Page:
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Refusing to levy no-deal tariffs on foreign food imports is the wrong move

The Government’s refusal to levy no-deal tariffs on foreign imports will put pressure on UK farmers and risks flooding the domestic market with lower standard food, says Efra Committee chair Neil Parish MP.

The news this week that the Department for International Trade had updated its temporary tariff regime in the event of no-deal was welcomed in many sectors.

 

However, it was short-lived.

 

Only three specific amendments were made, affecting HGVs, bioethanol and clothing.

 

The food and farming sector, which had called strongly for significant changes to its proposed tariff regime, is right to be concerned about a no-deal outcome.

 

Tariff safeguards will not apply for several key agricultural sectors in the event of a no-deal Brexit, including grains, eggs, fruit and vegetables and a number of dairy products.

 

This approach will put significant additional financial pressure on farmers at exactly the time they will be facing vast challenges from a no-deal Brexit.

 

Flooded

 

But the tariff regime also risks the UK being flooded with imports produced to lower standards which would be illegal for UK farmers.

 

As a farmer, and as chair of the Environment Food and Rural Affairs Select Committee, I know this is the wrong move.

 

When my Committee took evidence during our ‘Brexit: Trade in Food’ inquiry, witnesses warned of a race to the bottom in standards.

 

They highlighted different methods of farming across the globe included higher levels of pesticide use, genetically modified organisms, growth hormones, animal cloning and cultured meat.

 

In Britain, we rightly pride ourselves on our world-leading food and animal welfare standards.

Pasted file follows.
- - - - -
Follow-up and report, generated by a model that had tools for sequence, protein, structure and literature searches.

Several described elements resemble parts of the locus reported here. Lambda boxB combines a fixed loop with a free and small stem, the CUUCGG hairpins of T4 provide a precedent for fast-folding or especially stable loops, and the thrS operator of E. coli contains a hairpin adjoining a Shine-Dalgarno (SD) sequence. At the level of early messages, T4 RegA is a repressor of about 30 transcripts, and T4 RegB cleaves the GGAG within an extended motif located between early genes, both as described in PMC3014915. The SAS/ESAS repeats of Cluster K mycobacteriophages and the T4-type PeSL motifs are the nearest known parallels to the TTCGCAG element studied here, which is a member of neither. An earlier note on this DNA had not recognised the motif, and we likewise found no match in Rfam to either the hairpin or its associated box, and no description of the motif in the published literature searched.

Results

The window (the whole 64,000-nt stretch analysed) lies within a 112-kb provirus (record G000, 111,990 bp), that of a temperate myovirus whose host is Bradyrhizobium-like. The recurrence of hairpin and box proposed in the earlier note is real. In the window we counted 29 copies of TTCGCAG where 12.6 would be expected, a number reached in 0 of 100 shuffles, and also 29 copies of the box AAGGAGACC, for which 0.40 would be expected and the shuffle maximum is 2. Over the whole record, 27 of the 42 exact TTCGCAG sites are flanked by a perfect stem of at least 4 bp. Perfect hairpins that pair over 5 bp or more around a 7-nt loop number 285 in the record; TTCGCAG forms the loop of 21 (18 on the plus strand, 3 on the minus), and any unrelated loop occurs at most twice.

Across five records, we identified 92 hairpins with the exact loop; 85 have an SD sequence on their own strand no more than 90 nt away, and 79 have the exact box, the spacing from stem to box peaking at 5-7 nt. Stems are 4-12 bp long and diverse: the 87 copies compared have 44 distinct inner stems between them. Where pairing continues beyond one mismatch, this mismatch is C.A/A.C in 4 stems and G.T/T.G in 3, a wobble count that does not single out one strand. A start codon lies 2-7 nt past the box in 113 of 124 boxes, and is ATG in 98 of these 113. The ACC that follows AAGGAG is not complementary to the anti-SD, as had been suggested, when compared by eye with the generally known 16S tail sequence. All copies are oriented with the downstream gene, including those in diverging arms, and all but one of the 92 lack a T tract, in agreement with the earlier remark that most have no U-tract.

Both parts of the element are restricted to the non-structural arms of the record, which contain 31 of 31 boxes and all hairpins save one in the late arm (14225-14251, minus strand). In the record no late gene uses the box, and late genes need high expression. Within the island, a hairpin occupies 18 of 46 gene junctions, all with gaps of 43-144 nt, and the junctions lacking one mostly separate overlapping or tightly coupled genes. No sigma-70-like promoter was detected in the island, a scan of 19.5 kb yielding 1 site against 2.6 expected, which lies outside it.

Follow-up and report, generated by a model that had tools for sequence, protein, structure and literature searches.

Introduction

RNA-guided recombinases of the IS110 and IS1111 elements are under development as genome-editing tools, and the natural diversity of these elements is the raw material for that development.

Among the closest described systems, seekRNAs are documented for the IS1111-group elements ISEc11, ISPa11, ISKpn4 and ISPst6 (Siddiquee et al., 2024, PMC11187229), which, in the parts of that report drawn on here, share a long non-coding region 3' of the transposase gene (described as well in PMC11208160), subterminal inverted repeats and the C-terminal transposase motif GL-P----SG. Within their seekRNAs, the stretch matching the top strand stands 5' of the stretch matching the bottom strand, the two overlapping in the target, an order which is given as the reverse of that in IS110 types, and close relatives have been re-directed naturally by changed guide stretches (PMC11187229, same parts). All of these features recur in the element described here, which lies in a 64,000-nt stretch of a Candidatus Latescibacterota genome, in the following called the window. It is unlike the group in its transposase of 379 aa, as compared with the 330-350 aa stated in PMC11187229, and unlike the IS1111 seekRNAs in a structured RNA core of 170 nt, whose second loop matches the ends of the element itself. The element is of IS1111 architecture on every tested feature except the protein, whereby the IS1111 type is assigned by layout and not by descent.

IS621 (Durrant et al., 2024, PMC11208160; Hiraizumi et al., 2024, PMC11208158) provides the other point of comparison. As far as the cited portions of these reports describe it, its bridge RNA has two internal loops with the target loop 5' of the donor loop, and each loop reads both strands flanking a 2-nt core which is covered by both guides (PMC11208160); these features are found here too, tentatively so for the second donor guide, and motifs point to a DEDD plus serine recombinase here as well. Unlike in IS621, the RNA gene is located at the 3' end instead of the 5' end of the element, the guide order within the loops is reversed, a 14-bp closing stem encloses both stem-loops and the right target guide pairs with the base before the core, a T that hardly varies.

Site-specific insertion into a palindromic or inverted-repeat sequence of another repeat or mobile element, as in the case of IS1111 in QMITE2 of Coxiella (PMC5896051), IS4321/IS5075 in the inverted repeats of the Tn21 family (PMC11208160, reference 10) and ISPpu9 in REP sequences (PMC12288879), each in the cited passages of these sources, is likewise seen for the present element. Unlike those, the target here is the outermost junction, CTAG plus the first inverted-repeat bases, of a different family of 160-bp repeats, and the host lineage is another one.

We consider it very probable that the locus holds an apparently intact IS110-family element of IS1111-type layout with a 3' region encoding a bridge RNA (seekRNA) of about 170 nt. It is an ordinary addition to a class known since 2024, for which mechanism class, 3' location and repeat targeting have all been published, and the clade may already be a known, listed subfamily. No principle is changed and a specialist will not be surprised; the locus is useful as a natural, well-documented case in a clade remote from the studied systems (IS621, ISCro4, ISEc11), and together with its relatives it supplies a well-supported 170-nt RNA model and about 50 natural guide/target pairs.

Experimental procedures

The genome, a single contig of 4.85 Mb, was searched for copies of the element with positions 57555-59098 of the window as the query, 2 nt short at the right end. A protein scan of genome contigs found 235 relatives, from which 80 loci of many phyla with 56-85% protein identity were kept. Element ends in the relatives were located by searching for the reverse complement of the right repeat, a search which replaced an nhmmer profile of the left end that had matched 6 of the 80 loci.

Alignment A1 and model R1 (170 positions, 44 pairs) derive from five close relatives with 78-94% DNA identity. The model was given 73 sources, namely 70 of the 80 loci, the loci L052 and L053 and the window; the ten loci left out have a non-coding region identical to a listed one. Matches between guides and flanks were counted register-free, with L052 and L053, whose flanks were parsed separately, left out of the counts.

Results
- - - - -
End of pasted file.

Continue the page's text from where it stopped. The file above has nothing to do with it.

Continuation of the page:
British produce has become an internationally-renowned mark of quality.

 

Precious

 

It means our produce sells all over the world – which benefits not just farmers, but rural communities, the ordinary consumer and our precious environment.

 

It has brought growth and regeneration to many rural communities, including those in my own constituency of Tiverton and Honiton. Many livelihoods depend on it.

 

The free-traders who want to reduce prices and regulation take little account of the immediate impact on our farm businesses.

 

But it’s not just farmers who are right to be concerned.

 

Damaging

 

New free trade deals can lead to lower standards for consumers too, damaging animal welfare protections and significantly affecting rural communities in Devon and across the country.

 

International trade is essential to the UK’s prosperity – and always has been. I am glad we have focussed attention on preserving trade with our largest partner, the EU.

 

But Brexit has long meant the opportunity to redesign UK trade policy, by conducting agreements with growth markets outside the EU.

 

The tension between the two is at the heart of the current Brexit debate.

 

In my view, such a transformational shift in trade should not happen overnight. We need a longer and more considered debate about the direction of travel.

 

Expedient

 

While it may be politically expedient for the Government to leave the EU and strike deals with big partners like the US as soon as possible, it could be disastrous for rural communities.

 

I will be making this point directly to Trade Ministers – and to the Prime Minister when I next see him.

 

We all want a Brexit deal with the EU, but under no-deal circumstances, equivalent standards and tariffs must be imposed to protect British farming.

 

Neil can be found tweeting at @neil_parish


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